As an instructor, Earl wasn't very analytical but rather intuitive.  This was perhaps why I think the combination of Earl and Archer worked quite well, especially since Archer's approach was very systematic and precise — i.e, very different from Earl.  The only problem arose when there was some "de-learning" from one instructor to next.
The first thing Archer corrected was the high finger-tip bridge that Earl taught us.  He also adjusted the stance and shortened my bridge.
Archer is what I would call a good traditional instructor, being very
perceptive to the different needs that each student has.  Archer was also more open to discussion and very responsive to my (often) inane questions — not only answering, but often rebutting me by setting up other scenarios related to my initial question.  Very helpful and comprehensive.  Besides, he's a funny fellow — very easy to get along with.  For instance, in the midst of watching me repeat some draw/position shots, he walked up and smacked my bridge hand with his cue.  Apparently, I forgot what he had earlier showed me — how important it is to keep my palm firmly planted on the table.
Another thing Archer helped me correct, was that I often looked around
the table while I was getting ready to shoot.  This urged him to talk in length about how important it was to prepare your shot and make all decisions standing up.  Don't bend down until you are completely ready to shoot, and if any doubt arises, you should stand up again and rethink — never recalculate or adjust while in shooting position.  He also illustrated this by chalk-marking his bridge hand for a left-english shot, and then marking the same shot for right-english.  To no surprise, the discrepancy between the bridge-hand positions was staggering.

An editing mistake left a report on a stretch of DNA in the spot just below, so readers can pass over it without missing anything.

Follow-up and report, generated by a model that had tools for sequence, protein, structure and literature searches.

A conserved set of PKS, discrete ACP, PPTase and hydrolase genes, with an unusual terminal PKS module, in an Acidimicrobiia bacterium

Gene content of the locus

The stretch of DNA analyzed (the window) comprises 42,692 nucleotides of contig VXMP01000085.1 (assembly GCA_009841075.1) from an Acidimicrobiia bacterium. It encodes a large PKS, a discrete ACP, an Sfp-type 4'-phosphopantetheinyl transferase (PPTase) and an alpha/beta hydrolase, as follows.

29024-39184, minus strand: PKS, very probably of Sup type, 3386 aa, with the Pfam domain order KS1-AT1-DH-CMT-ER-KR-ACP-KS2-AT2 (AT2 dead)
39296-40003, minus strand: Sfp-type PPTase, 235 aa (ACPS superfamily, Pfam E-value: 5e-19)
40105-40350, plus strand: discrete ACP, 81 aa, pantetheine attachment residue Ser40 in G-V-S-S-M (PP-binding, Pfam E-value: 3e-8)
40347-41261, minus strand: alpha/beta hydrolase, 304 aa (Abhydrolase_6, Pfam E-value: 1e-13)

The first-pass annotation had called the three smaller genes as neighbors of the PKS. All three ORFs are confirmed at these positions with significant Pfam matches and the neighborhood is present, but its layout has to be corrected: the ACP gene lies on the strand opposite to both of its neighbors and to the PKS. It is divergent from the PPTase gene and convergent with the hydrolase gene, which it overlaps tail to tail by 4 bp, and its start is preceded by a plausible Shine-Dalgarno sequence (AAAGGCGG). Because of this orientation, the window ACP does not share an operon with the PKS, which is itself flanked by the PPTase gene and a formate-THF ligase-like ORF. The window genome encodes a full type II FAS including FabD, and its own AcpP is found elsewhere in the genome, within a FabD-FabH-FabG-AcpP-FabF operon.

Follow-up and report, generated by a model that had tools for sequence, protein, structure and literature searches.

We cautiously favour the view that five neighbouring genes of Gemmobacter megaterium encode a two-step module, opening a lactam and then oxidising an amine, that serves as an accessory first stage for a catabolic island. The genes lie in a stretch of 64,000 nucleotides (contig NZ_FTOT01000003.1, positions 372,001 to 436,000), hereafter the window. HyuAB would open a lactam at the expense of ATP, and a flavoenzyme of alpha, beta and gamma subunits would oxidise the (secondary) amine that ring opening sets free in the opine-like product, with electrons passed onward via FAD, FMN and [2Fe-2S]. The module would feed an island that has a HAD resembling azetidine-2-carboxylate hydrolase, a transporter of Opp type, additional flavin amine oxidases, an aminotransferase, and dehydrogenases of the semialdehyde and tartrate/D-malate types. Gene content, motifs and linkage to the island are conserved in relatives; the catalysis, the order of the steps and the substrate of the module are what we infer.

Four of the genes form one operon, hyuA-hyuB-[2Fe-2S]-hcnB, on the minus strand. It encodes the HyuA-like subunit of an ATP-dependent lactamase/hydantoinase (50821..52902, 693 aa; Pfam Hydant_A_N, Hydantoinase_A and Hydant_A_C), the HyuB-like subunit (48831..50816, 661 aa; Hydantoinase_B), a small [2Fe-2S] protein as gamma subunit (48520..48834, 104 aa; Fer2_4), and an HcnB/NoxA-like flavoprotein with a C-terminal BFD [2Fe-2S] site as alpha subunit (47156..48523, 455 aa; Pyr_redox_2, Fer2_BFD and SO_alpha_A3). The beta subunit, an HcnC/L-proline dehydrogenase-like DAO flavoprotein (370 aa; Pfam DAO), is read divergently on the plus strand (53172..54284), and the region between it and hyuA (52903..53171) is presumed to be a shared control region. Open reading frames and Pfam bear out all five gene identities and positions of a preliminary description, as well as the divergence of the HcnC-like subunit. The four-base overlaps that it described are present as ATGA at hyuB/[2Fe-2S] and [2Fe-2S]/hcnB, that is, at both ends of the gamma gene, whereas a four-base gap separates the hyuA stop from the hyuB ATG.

During the last portion of Archer's session, he had us pick any game
of our choice and play one rack with him as he would tell us his
thought-process while shooting.  Since the tables had quite wide
pockets, I knew I could run an 8-ball rack on him, so I opted to lag
for the break, that I won, which then set me up for a slow 2nd ball
break shot.  So here I've been driving 1,600 miles to get lessons
from the greatest of the greatest, and when I finally got to show off
my 8-ball game, on the break I smacked the cueball straight off the
rack into the corner pocket.  Yeah, nice going there, Peer.
So it was Archer who instead got to run the table — oh well
— hell.  As soon as the ridicule had subsided, I instead
persuaded Earl to make a video of us playing for his cue (as we had
spoken about earlier that day).  At first he agreed, but as I was
getting my camera ready, he chickened out.  He told me that I
could still buy the cue and make a video of him signing it, but
he didn't wanna risk a video of me beating him in a one-rack 8-ball
game.  Well, no pacifiers were thrown... even if I beat him badly.
Although I could have written a short novel about this day, I still
think I'll bag it here.  The omitted stuff we talked about during
the class were mostly interwoven anecdotes from the Mosconi Cup, jump
shots vs kick shots, Earl hand pressing his Elkmasters, etc, etc.
Even though some of the drills/instructions were less spectacular, I
must emphasize that all-in-all it was a very inspiring event that I
will most likely carry with me for the rest of my life — and
hence, I was lucky that it
was all captured by pro photographer Rick Schmitz.
But most of all; many thanks to Earl Strickland and Johnny Archer for being so classy to do this, and special
kudos to Mark Cantrill for arranging it all — I wouldn't mind a
rinse and repeat. (By the way, hope your wife liked the wine.)  It was
also fun meeting the notorious Jay Helfert.
Other than that, here are a few things that I also learned from this trip:
When my speedometer shows 148 mph, the GPS indicates that it's only 142 mph.
An excessive amount of Starbucks ice-coffee can save me some motel overnighting.
Sushi tastes best when shared with a hot Asian pool player.
— Peer Landa